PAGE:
When it comes to high-tech imaging and tracking of cancer, nothing matches the amazing capabilities of today’s PET/CT machine. The technology combines positron emission tomography (PET) scanning with computed tomography (CT) scanning. PET uses small amounts of radiation to show how well various organs are functioning; CT provides detailed images of organs and tissues. The combined result is highly detailed 3-D images of the function and structure of various parts of the body.
The first PET/CT prototype was unveiled in 1998 at the University of Pittsburgh, and it was first introduced into clinical use in 2001. PET/CT has emerged as one of the fastest growing modalities worldwide according to the Journal of Nuclear Medicine Technology.
The vast majority of PET/CT imaging is for cancer (oncology) diagnosis and treatment. Oncologists use PET/CT scans to determine how fast a tumor is growing and to track how well chemotherapy or radiation therapy is working. If a cancerous tumor or mass needs to be surgically removed, a PET/CT scan can help a surgeon plan how to best treat or remove the cancer, while leaving as much healthy tissue as possible.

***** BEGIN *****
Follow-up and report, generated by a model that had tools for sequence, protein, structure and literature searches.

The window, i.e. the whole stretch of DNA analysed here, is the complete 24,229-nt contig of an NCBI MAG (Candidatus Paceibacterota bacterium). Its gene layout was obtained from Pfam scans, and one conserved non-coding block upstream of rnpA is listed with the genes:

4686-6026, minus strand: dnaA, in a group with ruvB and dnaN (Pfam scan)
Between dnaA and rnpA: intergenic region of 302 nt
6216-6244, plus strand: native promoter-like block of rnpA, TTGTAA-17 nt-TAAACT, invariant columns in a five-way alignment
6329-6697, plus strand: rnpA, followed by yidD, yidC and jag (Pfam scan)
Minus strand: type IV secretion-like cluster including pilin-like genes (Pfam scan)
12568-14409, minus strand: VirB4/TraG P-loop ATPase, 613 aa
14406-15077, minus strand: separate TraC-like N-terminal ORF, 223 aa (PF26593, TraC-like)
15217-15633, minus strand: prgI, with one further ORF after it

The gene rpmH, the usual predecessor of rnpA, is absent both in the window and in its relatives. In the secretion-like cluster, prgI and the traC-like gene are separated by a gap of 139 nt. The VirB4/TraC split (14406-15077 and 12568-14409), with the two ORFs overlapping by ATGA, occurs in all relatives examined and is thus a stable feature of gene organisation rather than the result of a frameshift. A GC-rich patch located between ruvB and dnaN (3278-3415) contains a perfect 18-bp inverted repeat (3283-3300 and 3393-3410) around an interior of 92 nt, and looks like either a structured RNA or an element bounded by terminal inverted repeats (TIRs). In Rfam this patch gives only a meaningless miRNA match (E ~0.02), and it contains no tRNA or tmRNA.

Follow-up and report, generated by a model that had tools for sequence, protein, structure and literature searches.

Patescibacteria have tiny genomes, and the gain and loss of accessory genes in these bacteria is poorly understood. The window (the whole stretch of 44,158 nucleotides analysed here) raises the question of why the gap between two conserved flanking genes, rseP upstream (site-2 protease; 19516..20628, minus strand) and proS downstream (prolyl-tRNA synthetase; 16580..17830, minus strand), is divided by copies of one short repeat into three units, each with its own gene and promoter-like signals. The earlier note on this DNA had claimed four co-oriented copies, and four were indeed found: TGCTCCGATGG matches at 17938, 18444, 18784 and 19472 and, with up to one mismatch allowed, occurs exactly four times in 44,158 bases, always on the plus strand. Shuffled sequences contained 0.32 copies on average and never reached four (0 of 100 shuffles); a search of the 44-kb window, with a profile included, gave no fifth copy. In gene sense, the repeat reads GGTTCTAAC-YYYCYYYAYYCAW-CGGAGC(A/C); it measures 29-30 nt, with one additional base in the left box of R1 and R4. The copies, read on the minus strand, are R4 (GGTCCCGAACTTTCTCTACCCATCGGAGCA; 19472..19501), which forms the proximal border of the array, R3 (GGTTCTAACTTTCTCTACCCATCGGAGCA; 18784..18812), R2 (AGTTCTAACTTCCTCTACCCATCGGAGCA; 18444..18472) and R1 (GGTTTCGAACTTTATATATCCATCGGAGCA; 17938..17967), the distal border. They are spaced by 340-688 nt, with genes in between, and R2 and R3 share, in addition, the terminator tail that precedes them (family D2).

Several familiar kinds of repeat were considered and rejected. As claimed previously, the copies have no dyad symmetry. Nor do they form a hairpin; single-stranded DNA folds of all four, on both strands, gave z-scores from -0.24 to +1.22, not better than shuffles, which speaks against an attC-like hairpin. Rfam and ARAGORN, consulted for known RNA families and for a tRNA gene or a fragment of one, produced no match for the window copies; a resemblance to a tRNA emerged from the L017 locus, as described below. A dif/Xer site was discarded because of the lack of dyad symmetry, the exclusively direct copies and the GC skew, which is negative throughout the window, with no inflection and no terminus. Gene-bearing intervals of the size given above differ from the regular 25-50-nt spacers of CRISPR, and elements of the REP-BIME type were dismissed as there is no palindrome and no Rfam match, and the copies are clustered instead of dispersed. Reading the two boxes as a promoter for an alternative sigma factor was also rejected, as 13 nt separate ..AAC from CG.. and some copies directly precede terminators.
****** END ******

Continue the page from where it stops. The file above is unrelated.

PET/CT has been shown to have a major impact on how patients are treated. For example, a study in the July 2012 issue of the Journal of Nuclear Medicine showed that more than 40 percent of lung cancer (non-small cell) patients had their course of treatment changed when physicians had PET/CT information as opposed to only conventional imaging.
PET/CT imaging may also be used to diagnose and treat heart disease as well as brain disorders, including dementia, Alzheimer’s disease, brain tumors and seizure disorders.
The procedure itself is painless and completely non-invasive. Upon arrival at a hospital, cancer center or imaging center, the patient is given an IV injection of the radioactive tracer and asked to rest quietly. The radioactive tracer can take anywhere from 30 to 90 minutes to make its way to the part of the body being scanned. Once the tracer has reached its destination, the patient is asked to lie on the PET/CT scanner table for 30 to 45 minutes as the machine goes to work. Once the scan is complete, the patient is free to resume normal activities.
Today’s PET/CT scanners are more comfortable and faster than previous technology. Future developments promise even more accurate detection and diagnosis of disease at earlier, more treatable stages and with less radiation. QCBN
Michael J. LaBenz, M.D., is a radiologist at Northern Arizona Radiology.